The Gloster Meteor F Mk.IV was the first post-war version of the Meteor, and was a dramatic improvement on the Meteor F Mk.III. The main reason for the improved performance of the Meteor IV was its engines. Rolls-Royce had developed a new jet engine, the Nene. This was much more powerful than the early Derwent engines used in the Meteor, but was too big to fit into the Meteor’s engine nacelles.
Rolls-Royce responded by producing a scaled down version, 85.5% of the size of the Nene, which it gave the name Derwent V. This new engine provided 3,500lb of thrust, a 50% increase on the power offered by the Derwent IV used in later Meteor IIIs. The Derwent V ran for the first time on the test bench on 7 June 1945.
This new engine was then fitted to a Meteor Mk.III (serial EE360), to make the F Mk.IV prototype. This made its maiden flight on 15 August 1945, with Eric Greenwood at the controls. Tests revealed that the new Meteor had much better performance than earlier models, reaching 570mph at 10,000ft, nearly 80mph than the fastest Mk.IIIs. Acceleration was also dramatically improved. While earlier versions of the Meteor had been somewhat pedestrian, the Mk.IV would twice create new World Air Speed Records. The Mk.IV also had fully harmonised controls, making it much easier to fly.
At this point it is work making a quick comment on the numbering of RAF aircraft. Until June 1948 mark numbers were indicated in Roman numerals, thus the F Mk.IV. In that month Arabic numerals were adopted instead, and the F Mk.IV became the F Mk.4. All later versions of the Meteor used Arabic numerals.
The increased power of the Meteor IV did cause some problems. The most important related to the wing, which was no longer strong enough to cope with high speeds being achieved. After a small number of aircraft had been built with the original wing, a new shorter but stronger wing was introduced. This solved the original weakness problems and also allowed the Meteor to carry 2,000lb of munitions under the wings. It also increased the rate of role of the Meteor by 80 degrees per second. The improved performance of the clipped wing aircraft was recognised in specification F.11/46 and became the standard model of the Meteor IV.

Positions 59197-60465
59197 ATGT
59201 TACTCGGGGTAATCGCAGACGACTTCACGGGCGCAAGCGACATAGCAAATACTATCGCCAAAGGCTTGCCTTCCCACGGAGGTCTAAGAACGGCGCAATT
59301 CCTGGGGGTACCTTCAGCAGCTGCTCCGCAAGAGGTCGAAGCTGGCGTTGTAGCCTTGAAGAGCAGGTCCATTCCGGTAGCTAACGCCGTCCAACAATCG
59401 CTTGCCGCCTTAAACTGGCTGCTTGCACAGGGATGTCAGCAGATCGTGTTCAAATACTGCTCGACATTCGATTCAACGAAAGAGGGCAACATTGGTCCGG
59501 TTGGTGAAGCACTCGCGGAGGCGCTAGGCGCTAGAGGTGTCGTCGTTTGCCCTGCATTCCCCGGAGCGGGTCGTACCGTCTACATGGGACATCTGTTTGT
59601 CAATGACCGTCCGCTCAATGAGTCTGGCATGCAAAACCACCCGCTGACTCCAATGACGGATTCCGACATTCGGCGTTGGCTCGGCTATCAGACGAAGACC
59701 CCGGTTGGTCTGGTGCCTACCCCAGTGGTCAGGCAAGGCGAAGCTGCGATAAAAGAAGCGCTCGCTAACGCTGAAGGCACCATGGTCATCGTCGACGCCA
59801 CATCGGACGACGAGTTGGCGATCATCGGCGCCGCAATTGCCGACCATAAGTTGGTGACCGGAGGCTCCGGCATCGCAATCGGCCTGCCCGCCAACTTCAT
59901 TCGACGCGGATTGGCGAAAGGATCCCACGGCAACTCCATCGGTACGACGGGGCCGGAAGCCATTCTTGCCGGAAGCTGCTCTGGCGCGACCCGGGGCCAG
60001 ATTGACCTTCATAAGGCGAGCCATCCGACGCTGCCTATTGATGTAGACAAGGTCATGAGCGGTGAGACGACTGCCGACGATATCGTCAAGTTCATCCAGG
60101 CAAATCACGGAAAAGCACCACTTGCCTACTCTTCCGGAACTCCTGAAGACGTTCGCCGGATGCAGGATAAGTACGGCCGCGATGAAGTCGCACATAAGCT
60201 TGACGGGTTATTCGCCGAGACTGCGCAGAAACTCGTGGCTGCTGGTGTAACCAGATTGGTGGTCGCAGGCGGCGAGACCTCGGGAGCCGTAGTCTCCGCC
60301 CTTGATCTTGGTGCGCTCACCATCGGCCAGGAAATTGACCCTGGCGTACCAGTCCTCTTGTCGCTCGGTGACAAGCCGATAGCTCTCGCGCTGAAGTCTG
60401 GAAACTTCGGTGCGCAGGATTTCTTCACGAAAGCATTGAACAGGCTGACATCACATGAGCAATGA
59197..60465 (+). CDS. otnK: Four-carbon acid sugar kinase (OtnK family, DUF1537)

The Meteor IV was a major export success, selling to six countries – Argentina, Belgium, Denmark, Egypt and Holland purchased significant numbers, while France took two aircraft.
In the immediate post-war world, the RAF no longer felt the urgent need to re-equip its squadrons with the newest models, and the Meteor IV did not enter RAF squadron service until the start of 1947, when No.91 Squadron received the type. Five more squadrons began to receive the type in November-December 1947, operating the Mk.III and the Mk.IV together for some months. Eventually the Meteor F Mk.IV was used by twenty seven RAF squadrons, remaining in service in large numbers until 1952, but at the end of that year only No.263 squadron still operated the type.
Engine: Two Rolls-Royce Derwent V engines
Thrust: 3,500lb each
Gross Weight: 13,900lb
Maximum level speed at sea level: 583mph
Maximum level speed at 30,000ft: 570mph
Rate of climb at sea level: 7,900ft/min
Cruise Range at normal load: 510 miles
Cruise Range with external tanks: 713 miles
Armament: Four 20mm cannon in nose and two 1,000lb bombs or sixteen 90lb rocket projectiles under the wings
Short Span: As above apart from
Gross Weight: 15,175lb
Maximum level speed at sea level: 590mph
Rate of climb at sea level: 7,350ft/,in